Sleep apnea is a serious sleep disorder in which you have one or more pauses in breathing or shallow breaths during sleep. Breathing pauses can last from a few seconds to minutes. People with untreated sleep apnea stop breathing several times during their sleep, sometimes hundreds of times during the night. In the morning they will not be aware of the disturbances in their sleep. When your breathing pauses or becomes shallow, you’ll often move out of deep sleep and into a light sleep. As a result, the quality of your sleep is poor, which makes you tired during the day.
Obstructive sleep apnea (OSA)
This is the most common type of sleep apnea, where breathing is paused temporarily due to obstructed airways from relaxed soft tissues in the back of the throat during sleep. When the muscles relax, your airway narrows or closes as you breathe in, and you are unable to get an adequate breath in. This may lower the level of oxygen in your blood. You may make a snorting, choking or gasping sound. This pattern can repeat itself several times, all night long. These disruptions impair your ability to reach restful phases of sleep, and you’ll probably feel sleepy during the day times. People with obstructive sleep apnea may not be aware that their sleep was interrupted. In fact, some people with this type of sleep apnea think they sleep well all night.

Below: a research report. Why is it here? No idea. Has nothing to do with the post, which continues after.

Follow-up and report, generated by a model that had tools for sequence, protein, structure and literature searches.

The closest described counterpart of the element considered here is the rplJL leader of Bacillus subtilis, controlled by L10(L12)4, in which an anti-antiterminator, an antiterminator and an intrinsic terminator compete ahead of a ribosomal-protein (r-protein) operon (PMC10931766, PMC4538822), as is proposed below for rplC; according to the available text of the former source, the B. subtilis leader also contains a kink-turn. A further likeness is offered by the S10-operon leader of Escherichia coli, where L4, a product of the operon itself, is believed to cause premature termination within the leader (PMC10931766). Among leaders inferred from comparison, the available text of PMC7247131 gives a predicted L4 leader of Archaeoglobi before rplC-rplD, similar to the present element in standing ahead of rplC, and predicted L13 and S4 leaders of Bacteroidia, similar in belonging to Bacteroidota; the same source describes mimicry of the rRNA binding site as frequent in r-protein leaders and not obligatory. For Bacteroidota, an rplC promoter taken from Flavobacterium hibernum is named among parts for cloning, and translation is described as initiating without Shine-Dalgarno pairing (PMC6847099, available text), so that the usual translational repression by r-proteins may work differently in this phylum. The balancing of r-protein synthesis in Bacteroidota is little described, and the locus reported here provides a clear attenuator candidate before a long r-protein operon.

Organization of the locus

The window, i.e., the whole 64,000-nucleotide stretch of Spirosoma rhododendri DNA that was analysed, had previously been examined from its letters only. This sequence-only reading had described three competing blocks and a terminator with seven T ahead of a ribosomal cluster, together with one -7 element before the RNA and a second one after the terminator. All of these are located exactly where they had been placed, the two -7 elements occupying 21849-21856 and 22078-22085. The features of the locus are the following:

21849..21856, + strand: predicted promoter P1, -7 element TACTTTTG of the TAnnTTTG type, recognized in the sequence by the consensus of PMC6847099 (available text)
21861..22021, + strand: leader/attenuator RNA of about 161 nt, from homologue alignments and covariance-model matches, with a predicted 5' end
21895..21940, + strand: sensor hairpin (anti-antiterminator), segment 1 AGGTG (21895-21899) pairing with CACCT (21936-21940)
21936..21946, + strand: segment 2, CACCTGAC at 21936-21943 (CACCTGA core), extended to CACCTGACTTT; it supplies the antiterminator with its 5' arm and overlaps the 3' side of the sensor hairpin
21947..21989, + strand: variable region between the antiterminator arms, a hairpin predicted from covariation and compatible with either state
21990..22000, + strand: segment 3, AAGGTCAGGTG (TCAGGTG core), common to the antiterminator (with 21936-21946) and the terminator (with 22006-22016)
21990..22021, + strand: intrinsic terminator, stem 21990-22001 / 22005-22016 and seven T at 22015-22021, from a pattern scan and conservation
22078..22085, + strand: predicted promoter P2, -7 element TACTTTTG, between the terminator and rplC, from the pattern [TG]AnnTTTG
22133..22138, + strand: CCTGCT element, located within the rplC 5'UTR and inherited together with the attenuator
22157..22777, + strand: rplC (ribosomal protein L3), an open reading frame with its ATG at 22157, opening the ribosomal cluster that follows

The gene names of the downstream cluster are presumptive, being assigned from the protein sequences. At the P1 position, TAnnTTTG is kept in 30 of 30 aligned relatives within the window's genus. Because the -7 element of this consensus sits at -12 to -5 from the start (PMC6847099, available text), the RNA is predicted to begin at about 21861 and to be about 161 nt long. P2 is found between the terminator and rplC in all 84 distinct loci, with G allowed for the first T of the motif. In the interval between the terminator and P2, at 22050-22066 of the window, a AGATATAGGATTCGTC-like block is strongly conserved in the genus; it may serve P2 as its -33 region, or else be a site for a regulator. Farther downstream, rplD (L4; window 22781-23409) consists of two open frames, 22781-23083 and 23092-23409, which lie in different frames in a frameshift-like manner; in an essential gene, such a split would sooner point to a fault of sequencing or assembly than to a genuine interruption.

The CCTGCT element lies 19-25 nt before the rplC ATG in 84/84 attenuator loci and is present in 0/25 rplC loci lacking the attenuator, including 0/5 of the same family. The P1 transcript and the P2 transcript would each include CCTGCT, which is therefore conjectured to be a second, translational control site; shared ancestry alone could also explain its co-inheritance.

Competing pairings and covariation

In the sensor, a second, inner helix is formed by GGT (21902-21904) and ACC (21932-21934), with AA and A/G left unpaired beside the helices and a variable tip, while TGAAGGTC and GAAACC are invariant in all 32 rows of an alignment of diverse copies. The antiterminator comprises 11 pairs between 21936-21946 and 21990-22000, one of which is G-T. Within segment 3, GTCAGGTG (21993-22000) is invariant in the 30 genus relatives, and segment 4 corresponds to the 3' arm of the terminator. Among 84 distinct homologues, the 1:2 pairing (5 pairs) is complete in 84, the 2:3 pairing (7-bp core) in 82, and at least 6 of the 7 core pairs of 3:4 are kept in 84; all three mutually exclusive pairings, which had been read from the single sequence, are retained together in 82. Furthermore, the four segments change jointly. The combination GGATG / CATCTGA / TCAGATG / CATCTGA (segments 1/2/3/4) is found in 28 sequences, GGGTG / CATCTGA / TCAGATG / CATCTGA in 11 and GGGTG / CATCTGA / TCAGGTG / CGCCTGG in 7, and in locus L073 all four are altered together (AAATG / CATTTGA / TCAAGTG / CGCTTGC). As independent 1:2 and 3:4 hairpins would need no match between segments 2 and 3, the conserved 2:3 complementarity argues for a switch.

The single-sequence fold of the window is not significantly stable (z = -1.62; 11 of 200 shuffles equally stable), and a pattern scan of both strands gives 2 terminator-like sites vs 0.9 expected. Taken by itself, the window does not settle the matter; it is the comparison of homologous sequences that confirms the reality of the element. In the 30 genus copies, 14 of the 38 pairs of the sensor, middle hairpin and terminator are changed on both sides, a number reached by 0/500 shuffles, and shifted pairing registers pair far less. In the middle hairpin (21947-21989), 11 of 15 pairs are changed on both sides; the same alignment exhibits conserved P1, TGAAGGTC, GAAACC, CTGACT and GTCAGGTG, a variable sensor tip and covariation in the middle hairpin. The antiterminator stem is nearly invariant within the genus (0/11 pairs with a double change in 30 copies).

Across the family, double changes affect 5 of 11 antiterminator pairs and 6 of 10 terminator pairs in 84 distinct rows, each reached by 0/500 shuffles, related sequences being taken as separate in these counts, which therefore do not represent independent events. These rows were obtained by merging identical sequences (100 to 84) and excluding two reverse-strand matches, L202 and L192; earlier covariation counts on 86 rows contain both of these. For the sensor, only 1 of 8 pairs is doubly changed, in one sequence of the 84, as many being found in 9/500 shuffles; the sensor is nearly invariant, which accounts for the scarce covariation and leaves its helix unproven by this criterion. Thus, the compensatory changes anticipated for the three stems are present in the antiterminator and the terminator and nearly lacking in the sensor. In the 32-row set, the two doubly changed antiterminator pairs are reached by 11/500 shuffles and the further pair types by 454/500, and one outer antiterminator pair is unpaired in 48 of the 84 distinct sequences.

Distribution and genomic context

Central sleep apnea
This type of sleep apnea occurs when your brain does not send proper signals to the muscles that control breathing hence there is no effort to breathe for short periods of time. You may awaken with shortness of breath or have a difficult time getting to sleep or staying asleep. It is usually seen in patients with central nervous system dysfunction, such as following a stroke or in patients with heart failure.
Risk factors for obstructive sleep apnea (OSA)
Risk Factors for central sleep apnea
Your physician may make an evaluation based on your signs and symptoms and may refer you to our Sleep Disorder Center to conduct a sleep study. During this test, wires and sensors will be connected to your head, face, chest, abdomen, arms and legs to monitor your breathing, heart, brain activity, arm and leg movements and blood oxygen levels while you sleep.
Treatments for central sleep apnea may include:
Treatments for OSA may include:
Please see other Cleveland Clinic Abu Dhabi sleep apnea handouts for further information regarding treatment options.
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This information is provided by the Cleveland Clinic and is not intended to replace the medical advice of your doctor or healthcare provider. Please consult your healthcare provider for advice about a specific medical condition.
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